• Undetermined viral pneumonia pattern (Figure 11)—absence of typical findings and presence of groundglass opacities with a unilateral, central, tenuous, diffuse, or atypical distribution

Figure 11. Undetermined viral pneumonia pattern on high-resolution CT of the chest, with tenuous unilateral ground-glass opacity (arrow).

• Atypical viral pneumonia pattern (Figure 12)—absence of typical or indeterminate findings and presence of lobar/segmental consolidation (without ground-glass opacities), septal thickening with pleural effusion, centrilobular micronodules, or cavities

Figure 12. Atypical viral pneumonia pattern on high-resolution CT of the chest, with multiple centrilobular pulmonary nodules accompanied by parenchymal consolidation with air bronchograms. The patient had a confirmed diagnosis of pulmonary tuberculosis.

• Negative examination for viral pneumonia—examination without significant pulmonary changes or with changes unrelated to infection

The CO-RADS reporting model uses a numerical system to classify the changes found on chest CT. However, it still needs to be validated, because the original study had some limitations(38), including the fact that it evaluated a small study group, representative of a population admitted to emergency departments and requiring hospital admission during the acute phase of the COVID-19 pandemic, as well as that it employed readers with limited experience in comparison with that of those in regions where the prevalence of the disease is high and that the diagnosis of the disease was based on the clinical impression alone in some cases, even when the RT-PCR result was negative.


Several innovations have emerged during the COVID-19 pandemic, not only for the diagnosis of the disease but also for the monitoring of infected individuals, patient care, and treatment(39). For early detection of the disease, companies have sought solutions to track SARS-CoV-2-infected individuals by using devices such as watches and heart monitors or biosensors connected to cell phones, providing continuous data on electrocardiogram recordings, oxygen saturation, and analysis of breath. Some countries have monitored the population by using the Bluetooth technology employed in cell phones, notifying those who have had recent contact with individuals who later receive a confirmed diagnosis of COVID-19. Health startups also make it possible for individuals themselves, when they have suspected symptoms of COVID-19, such as coughing and shortness of breath, to upload recordings of their cough and breathing to a system that collects the information, analyzing it through AI and building predictive models.

New diagnostic tests have been developed in various countries, including Brazil, which has increased the processing capacity of the tests to detect SARS-CoV-2 through analyses with next-generation sequencing or using targeted proteomics based on mass spectrometry(40). Other companies have invested in self-administered tests that individuals can take in their homes, with the objective of facilitating early diagnosis, not overburdening health care systems, reducing costs, and expanding the scale of testing overall.

There have been studies evaluating AI solutions based on X-ray or CT of the chest for the detection, diagnosis, and quantification of pulmonary findings related to viral infection, as well as for the prediction of complications, with the aim of promoting early treatment initiation. The greatest potential benefit of AI in COVID-19 may be the rapid screening of patients under clinical suspicion of having the disease, especially in places that have been severely affected by the pandemic, with many cases and few diagnostic resources(41,42). However, AI-based solutions are still in the validation phase for examinations of patients suspected of having COVID-19, sometimes producing false results and not taking the place of evaluation by a radiologist, who performs an integrated analysis of clinical data, laboratory test results, and imaging findings. A virtuous scenario will be the union of the characteristics of these systems, such as detection and quantification of findings, with the best human qualities, such as intuition, common sense, and contextual analysis of the data.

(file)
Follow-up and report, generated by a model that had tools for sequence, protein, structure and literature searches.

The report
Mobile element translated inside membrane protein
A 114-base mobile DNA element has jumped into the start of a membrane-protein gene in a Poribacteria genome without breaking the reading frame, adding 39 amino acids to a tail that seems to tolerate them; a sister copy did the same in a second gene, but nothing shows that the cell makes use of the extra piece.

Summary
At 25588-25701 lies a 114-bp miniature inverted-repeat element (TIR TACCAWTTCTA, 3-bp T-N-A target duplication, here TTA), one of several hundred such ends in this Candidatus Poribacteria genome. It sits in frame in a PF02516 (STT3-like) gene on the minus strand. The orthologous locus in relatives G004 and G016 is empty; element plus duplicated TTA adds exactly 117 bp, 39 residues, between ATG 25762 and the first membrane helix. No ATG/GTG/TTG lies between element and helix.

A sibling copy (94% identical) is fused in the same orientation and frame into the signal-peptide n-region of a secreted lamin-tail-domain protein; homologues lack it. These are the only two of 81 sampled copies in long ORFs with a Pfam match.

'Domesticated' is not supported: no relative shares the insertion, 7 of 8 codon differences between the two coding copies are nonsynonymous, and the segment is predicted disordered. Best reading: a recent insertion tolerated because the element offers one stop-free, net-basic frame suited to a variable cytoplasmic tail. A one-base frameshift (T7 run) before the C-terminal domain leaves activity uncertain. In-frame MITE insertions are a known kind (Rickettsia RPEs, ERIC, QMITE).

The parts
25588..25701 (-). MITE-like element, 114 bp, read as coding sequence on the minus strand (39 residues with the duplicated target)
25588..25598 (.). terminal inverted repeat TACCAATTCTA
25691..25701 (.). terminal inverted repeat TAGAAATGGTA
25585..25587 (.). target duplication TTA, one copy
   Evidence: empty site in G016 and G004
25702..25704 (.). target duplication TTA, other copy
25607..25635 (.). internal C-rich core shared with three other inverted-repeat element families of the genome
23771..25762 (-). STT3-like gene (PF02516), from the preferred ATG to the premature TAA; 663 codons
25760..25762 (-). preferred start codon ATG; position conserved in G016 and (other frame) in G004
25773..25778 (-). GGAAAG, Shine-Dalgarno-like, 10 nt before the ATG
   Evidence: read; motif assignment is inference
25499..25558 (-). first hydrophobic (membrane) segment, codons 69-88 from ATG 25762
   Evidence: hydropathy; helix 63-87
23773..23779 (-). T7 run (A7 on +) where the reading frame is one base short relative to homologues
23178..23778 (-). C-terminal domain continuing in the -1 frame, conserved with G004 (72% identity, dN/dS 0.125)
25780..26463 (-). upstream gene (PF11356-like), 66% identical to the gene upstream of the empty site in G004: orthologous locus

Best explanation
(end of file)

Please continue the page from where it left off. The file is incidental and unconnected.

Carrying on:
Several national projects uniting multidisciplinary teams have been carried out in order to develop an automated tool capable of recognizing patterns of pulmonary changes on chest X-rays and chest CT scans of patients with COVID-19. The biggest challenge is the creation of a robust and reliable database of images and clinical data, analyzed and curated by radiologists with knowledge of annotation solutions for further analysis by AI.

During the COVID-19 pandemic, telemedicine has also been widely used to assist doctors and patients in maintaining care and for second opinions among medical teams, allowing individuals to receive health care and maintain the physical isolation necessary to contain the epidemic.


The COVID-19 pandemic has altered the routine of human beings and the health care sector in a significant way. It is essential that radiologists be aware of the main clinical and imaging aspects of COVID-19, as well as guidelines for requesting and using imaging methods; measures for protecting patients and health professionals; systems for quantifying pulmonary findings and for the preparation of integrated reports; and the main innovations that have emerged during this pandemic.


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Grupo Fleury, São Paulo, SP, Brazil


Dr. Gustavo de Souza Portes Meirelles
Grupo Fleury
Rua Cincinato Braga, 282, Paraíso
São Paulo, SP, Brazil, 01333-910

Received 6 June 2020
Accepted after revision 7 July 2020

Publication date: 23/07/2020